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Devised Works

Passage is committed to creating mainstage theatre productions that reflect the true stories of our community. In devised work, we are working with a team of artists to create a script from scratch.


Current Project

The OK Trenton Project is a documentary-style play about the reaction to a sculpture entitled “Helping Hands,” which was installed in August of 2017 on a vacant city-owned lot at the corner of Perry and Montgomery streets in Trenton, NJ. The sculpture was designed and built by 17 students from a summer camp run by the nonprofit group HomeFront, in collaboration with Isles, Inc., and artist Eric Schultz of Grounds for Sculpture.

Following concerns that the sculpture too closely resembled a gang symbol and could send the wrong message to residents, the piece was removed and placed back in the artist’s studio. Told through the words of Trenton’s law enforcement, city officials, artists, residents, and students, this play tells the story of what one piece of art can mean to a community.

Learn more about the project by watching our PlayLab Preview Video for The OK Trenton Project.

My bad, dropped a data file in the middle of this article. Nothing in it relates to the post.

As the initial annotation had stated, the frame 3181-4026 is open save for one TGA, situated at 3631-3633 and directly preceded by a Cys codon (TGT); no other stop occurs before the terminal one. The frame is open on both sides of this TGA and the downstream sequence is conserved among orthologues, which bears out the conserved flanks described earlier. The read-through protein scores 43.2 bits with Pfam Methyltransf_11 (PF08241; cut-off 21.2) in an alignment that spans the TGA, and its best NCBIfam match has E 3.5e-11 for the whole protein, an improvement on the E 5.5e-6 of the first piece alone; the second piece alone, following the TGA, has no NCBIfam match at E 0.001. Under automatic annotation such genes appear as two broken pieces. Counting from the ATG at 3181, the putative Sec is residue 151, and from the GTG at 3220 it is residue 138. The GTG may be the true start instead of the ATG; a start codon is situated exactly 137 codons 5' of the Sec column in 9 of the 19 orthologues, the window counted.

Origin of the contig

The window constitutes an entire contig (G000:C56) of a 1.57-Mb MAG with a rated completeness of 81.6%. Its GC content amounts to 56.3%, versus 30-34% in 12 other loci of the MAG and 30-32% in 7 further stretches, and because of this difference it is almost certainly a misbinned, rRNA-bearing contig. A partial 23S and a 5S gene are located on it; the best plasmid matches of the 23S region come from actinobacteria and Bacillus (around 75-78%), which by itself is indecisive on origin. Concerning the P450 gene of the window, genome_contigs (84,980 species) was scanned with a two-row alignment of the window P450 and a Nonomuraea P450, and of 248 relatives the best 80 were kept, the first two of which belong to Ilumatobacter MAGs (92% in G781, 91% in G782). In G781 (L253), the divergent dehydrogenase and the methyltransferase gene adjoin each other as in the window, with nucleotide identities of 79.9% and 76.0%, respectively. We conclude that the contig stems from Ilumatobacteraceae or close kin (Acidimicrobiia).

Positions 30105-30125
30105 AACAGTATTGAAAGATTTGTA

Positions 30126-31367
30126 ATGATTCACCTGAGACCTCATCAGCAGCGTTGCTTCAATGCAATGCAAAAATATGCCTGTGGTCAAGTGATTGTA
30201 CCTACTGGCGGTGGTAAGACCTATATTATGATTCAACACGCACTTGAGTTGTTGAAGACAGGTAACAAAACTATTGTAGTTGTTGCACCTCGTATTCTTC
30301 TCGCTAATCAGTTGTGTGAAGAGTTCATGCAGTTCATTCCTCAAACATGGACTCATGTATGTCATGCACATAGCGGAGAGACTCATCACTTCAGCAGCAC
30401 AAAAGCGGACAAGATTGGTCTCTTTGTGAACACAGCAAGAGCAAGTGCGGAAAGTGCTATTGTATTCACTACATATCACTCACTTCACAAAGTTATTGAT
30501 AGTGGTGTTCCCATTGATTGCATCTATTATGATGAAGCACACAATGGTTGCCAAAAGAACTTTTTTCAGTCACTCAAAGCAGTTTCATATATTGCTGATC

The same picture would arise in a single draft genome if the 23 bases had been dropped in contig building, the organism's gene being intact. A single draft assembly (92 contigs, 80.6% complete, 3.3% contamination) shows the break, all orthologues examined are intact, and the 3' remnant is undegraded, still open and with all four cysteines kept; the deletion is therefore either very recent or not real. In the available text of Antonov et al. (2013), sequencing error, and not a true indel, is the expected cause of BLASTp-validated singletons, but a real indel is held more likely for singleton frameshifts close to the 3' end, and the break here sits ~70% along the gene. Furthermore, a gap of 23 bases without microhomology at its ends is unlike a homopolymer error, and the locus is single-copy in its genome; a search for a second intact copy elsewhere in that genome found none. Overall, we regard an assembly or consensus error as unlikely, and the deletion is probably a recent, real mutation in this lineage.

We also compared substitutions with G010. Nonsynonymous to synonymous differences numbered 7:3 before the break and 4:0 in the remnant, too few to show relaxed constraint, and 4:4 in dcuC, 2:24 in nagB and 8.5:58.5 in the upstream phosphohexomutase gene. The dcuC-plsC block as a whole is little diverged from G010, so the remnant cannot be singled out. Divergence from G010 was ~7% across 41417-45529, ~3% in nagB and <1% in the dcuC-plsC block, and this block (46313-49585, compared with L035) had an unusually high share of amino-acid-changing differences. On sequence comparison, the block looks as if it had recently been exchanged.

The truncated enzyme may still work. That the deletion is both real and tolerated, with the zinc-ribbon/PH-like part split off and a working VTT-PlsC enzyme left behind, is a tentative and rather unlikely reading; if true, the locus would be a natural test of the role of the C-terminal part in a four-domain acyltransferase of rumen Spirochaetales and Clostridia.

If you would like to make a donation to The OK Trenton Project or would like to volunteer to help with the project, please contact us at

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2010 saw the production of Trenton Lights, a musical play conceived and created by June Ballinger and David Lee White that reached beyond the headlines, history books and news reports.  Trenton Lights captured the stories of Trenton residents through extensive interviews with diverse members of the community:  white, black, Hispanic; young and old; rich and poor.  Their words were transposed onto the stage in story-theatre format, often verbatim.

Past Projects

Following on the success of Trenton Lights, Ballinger and White held interviews with members of the community to create Profiles. This play featured professional actors and community members on stage together, bringing life to Trenton’s unseen facets in their own words.

Most recently, Passage produced Fixed, also by White. Drawing on hours of interviews with local residents, mental health professionals, and people who struggle with mental illness, Fixed threw an unflinching light on the stigma surrounding mental illness and the impact of a diagnosis – or lack thereof – on family and friends alike.